Ford CEO Jim Farley said nearly 2,000 of the 3,000 have agreed to sign up for the company’s EV certification program. This includes investments in charging and sales programs with no cost increases. It also involves investing heavily in public fast chargers, employee training, and sales programs without coaxing.
Most dealers – about 1,650 – chose the Certified Elite program, which requires an investment of up to $1.2 million. Another 261 dealers chose the more diminutive “Certified” status, which involves an investment of up to $500,000.
What happens to those dealers who didn’t opt in?
Ford reported this as well. Dealers who haven’t agreed to the company’s EV certification program will only sell gasoline and hybrid vehicles. This could leave them far behind as the automaker plans for a big EV rollout in the coming years.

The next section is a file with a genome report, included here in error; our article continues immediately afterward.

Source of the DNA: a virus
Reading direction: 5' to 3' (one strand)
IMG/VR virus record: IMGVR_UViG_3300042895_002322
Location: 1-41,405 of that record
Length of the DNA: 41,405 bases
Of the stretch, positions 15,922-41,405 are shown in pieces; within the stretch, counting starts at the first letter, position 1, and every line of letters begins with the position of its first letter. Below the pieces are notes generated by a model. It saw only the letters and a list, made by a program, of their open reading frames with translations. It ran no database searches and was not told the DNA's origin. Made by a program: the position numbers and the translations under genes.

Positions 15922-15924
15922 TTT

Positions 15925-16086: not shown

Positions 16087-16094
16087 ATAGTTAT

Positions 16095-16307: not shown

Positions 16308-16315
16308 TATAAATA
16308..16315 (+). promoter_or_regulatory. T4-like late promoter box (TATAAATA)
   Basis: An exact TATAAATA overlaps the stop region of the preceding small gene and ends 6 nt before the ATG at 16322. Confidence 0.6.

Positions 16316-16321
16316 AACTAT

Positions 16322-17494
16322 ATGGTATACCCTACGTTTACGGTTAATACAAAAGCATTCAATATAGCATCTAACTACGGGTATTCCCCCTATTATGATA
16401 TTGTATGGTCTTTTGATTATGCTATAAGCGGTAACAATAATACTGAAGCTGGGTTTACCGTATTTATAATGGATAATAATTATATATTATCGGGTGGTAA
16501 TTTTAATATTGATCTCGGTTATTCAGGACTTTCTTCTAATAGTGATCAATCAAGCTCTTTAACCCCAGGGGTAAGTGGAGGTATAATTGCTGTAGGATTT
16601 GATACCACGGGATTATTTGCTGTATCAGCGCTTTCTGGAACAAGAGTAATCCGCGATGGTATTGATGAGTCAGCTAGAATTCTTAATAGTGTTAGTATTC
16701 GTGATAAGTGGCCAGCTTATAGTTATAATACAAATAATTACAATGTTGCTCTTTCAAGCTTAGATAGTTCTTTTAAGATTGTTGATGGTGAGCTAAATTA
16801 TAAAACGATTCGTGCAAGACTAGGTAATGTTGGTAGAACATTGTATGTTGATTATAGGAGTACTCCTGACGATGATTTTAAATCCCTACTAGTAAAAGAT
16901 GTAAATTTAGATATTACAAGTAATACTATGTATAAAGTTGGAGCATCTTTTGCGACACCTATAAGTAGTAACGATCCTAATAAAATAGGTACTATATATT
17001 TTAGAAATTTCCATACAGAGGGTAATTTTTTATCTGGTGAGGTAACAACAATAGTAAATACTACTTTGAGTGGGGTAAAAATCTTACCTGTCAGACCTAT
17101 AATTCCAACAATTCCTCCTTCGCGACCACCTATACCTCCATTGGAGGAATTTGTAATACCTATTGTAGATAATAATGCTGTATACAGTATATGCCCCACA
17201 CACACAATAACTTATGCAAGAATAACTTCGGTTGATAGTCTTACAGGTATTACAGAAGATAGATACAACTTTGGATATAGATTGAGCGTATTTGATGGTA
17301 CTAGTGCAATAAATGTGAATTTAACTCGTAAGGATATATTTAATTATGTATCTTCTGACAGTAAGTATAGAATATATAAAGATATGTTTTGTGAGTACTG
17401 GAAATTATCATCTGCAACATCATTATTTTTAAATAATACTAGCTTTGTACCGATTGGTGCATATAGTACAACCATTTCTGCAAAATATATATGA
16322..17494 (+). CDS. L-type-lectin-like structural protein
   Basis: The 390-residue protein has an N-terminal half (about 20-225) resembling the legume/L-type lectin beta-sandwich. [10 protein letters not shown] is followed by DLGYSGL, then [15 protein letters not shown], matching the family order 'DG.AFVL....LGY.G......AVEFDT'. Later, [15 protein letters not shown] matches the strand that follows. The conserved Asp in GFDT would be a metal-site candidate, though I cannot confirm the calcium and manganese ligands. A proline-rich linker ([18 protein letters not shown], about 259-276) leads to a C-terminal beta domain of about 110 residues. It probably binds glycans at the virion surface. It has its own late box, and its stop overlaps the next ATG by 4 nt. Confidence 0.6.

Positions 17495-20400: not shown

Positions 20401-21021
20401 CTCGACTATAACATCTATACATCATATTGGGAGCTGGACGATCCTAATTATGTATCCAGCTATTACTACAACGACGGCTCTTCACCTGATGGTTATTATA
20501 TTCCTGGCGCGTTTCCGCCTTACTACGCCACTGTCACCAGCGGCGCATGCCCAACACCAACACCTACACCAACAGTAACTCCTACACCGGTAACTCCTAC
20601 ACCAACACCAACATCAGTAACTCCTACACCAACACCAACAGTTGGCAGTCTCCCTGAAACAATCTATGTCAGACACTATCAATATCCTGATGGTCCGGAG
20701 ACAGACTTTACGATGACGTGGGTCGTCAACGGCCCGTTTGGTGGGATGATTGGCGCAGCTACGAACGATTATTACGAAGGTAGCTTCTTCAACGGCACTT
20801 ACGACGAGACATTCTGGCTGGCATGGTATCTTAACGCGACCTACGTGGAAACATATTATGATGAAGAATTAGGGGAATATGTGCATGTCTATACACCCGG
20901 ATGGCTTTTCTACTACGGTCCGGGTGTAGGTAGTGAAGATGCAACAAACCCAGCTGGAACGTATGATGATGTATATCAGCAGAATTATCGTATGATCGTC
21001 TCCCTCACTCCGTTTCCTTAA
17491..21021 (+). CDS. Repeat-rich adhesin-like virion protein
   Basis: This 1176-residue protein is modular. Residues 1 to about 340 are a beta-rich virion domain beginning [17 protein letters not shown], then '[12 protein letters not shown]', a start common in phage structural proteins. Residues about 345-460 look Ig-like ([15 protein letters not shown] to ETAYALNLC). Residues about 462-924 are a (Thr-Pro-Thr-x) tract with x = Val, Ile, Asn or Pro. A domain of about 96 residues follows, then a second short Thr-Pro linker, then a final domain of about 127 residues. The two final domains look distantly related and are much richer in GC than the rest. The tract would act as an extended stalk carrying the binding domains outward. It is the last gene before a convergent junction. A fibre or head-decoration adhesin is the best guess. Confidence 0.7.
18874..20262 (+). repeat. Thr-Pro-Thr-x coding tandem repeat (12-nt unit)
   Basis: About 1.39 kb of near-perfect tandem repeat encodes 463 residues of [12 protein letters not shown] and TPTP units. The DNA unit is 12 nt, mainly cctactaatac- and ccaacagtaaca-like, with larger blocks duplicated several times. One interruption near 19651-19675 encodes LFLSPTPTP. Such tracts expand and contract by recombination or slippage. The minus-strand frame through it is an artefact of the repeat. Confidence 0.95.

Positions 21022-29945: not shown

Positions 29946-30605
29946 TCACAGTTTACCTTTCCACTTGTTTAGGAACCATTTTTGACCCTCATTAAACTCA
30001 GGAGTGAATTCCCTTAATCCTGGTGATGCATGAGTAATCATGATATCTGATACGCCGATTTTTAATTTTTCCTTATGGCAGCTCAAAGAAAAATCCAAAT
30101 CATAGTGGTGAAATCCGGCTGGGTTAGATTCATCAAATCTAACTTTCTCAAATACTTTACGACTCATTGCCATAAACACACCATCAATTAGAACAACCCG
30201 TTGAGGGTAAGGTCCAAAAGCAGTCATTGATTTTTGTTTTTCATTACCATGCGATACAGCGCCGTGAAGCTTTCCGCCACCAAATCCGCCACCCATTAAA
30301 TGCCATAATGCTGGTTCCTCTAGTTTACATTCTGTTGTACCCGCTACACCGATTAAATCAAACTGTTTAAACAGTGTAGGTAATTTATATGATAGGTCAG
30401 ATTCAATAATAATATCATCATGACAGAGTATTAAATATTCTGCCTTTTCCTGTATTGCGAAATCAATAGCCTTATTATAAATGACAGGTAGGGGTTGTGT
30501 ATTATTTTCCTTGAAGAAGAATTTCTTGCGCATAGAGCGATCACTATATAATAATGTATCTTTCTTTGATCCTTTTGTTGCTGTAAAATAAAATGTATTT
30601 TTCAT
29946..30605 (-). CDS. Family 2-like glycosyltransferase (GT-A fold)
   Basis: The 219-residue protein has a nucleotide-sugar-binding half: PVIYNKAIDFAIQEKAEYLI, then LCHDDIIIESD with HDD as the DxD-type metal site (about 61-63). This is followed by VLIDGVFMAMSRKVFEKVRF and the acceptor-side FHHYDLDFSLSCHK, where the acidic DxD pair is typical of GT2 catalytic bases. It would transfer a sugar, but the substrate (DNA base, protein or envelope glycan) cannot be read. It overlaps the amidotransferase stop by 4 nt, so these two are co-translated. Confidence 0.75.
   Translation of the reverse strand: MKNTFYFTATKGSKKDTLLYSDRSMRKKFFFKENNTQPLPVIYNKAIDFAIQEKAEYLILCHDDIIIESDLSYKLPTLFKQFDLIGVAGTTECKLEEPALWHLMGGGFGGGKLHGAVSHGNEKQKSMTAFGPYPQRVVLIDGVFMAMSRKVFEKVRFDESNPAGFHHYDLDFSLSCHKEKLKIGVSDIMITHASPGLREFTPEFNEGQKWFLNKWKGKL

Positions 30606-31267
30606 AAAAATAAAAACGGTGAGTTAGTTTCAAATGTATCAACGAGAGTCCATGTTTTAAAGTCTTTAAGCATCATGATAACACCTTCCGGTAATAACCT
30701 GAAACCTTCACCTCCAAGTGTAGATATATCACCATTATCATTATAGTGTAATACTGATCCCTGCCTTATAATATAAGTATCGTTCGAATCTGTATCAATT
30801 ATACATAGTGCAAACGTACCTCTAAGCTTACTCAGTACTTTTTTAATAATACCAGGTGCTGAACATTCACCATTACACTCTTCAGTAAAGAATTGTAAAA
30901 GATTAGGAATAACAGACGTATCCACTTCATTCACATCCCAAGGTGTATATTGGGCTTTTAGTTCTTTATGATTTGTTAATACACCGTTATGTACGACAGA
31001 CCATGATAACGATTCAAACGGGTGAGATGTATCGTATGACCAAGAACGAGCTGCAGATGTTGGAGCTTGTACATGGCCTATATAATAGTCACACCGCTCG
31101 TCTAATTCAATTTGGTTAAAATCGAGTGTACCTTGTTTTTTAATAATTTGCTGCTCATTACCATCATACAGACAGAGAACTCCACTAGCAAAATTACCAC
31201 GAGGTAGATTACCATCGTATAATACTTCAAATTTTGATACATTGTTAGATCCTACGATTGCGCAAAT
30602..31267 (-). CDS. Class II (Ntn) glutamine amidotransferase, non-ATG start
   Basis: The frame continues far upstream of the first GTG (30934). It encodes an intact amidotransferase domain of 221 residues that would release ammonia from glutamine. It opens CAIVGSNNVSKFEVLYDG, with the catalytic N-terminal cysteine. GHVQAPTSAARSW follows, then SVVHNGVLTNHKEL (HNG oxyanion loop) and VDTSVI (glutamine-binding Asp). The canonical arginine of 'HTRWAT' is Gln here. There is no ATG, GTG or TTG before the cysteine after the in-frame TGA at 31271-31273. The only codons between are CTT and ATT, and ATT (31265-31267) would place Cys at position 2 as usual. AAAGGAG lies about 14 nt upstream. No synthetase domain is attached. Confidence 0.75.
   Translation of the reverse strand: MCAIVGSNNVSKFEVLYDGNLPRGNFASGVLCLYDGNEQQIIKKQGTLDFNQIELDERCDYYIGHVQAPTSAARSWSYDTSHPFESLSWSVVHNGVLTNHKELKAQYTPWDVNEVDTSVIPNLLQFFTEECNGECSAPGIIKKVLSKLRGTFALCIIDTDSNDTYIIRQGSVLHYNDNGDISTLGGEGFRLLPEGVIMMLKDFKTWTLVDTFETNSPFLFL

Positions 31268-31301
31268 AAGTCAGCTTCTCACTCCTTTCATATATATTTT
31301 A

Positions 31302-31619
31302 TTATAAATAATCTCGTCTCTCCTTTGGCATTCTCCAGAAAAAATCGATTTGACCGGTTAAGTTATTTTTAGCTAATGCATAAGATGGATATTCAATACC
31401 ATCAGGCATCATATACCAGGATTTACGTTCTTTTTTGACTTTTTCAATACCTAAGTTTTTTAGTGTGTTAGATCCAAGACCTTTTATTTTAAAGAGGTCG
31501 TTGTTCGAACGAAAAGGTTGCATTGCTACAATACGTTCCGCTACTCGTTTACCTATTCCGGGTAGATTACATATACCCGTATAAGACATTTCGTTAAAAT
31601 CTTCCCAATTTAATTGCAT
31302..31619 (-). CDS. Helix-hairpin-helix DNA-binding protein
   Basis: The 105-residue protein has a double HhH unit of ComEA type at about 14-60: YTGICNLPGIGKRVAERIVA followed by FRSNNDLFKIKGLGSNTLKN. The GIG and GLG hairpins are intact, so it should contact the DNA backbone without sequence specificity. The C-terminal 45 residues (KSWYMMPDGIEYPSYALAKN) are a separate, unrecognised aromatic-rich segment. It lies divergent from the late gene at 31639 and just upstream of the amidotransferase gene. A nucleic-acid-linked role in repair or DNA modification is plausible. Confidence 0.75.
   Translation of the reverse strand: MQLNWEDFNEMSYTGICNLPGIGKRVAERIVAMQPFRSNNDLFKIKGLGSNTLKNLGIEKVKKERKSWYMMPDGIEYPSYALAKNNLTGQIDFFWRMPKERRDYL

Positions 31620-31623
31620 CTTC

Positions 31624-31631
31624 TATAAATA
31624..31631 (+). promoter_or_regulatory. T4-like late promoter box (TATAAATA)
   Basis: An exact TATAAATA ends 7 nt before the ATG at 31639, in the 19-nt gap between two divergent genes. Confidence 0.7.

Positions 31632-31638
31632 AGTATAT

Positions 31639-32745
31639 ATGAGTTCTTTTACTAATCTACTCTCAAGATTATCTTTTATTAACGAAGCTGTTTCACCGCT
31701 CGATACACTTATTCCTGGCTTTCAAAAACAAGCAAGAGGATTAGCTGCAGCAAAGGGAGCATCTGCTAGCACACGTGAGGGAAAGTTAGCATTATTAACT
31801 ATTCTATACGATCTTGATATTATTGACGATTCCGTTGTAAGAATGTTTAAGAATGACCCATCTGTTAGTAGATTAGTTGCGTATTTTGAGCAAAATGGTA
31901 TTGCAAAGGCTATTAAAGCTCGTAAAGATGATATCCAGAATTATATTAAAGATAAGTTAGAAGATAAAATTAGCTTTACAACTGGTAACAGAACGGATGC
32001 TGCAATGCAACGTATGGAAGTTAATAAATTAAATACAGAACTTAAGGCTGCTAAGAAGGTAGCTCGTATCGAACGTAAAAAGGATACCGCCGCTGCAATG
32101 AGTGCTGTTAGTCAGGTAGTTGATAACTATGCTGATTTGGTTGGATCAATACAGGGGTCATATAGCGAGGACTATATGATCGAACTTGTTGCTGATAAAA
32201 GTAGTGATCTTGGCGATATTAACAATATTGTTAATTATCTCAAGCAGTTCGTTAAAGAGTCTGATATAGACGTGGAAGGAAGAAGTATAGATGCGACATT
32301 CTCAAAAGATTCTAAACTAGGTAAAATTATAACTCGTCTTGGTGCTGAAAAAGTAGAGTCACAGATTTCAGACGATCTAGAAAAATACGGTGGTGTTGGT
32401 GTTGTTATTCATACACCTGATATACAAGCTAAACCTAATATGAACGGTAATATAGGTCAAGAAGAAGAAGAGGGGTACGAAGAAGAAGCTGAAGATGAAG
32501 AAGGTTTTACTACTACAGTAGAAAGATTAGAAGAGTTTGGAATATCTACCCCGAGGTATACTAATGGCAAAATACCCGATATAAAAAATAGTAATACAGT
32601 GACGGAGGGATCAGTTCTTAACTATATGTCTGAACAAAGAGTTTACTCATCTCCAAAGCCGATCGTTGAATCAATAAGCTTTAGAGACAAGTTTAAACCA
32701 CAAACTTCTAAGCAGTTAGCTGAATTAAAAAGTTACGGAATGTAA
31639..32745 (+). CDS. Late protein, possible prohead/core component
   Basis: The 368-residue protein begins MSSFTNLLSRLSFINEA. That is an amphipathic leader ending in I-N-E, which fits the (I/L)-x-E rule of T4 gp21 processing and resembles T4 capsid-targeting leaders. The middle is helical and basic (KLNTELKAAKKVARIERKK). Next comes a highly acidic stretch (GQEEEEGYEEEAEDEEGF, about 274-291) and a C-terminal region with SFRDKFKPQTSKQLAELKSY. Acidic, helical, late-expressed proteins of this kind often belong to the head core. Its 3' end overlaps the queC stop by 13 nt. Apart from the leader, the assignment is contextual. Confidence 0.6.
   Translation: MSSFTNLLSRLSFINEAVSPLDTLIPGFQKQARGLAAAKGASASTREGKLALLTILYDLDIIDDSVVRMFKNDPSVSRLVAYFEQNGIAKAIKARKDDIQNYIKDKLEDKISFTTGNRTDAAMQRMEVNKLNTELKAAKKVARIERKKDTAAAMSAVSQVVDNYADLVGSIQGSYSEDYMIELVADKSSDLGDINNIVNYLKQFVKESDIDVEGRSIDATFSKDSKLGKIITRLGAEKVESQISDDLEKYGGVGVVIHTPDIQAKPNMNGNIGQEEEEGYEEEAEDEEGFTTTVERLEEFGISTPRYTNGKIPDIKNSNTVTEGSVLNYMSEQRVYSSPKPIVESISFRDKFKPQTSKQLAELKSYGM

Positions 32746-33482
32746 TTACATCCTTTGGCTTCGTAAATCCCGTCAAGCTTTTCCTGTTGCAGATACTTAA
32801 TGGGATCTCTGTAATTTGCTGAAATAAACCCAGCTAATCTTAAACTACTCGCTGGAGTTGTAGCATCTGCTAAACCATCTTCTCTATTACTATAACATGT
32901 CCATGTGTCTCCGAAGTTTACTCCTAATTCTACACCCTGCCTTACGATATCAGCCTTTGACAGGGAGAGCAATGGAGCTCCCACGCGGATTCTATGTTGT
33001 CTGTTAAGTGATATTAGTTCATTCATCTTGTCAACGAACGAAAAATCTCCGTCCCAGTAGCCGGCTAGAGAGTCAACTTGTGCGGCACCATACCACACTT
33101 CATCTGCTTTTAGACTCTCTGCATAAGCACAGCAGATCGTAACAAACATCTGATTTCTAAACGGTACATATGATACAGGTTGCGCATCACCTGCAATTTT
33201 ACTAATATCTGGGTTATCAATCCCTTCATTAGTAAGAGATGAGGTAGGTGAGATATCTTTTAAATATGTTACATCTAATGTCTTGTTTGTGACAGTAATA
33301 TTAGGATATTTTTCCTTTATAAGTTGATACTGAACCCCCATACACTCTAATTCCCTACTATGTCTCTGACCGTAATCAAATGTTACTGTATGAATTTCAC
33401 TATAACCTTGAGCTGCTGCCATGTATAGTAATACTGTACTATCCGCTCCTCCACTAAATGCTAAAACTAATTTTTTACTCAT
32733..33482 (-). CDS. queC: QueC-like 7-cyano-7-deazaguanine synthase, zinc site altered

However, Ford dealers in Illinois have filed a complaint against the automaker with the state’s Motor Vehicle Control Board. Similarly, dealers in New York also filed a lawsuit against Ford, accusing the company of violating its franchise agreements.
This is because many dealers don’t want to learn the intricacies of EV operation or invest in costly on-site charging. Likewise, most dealers realize that their service and website may not reach other companies’ more personalized buying terms and services.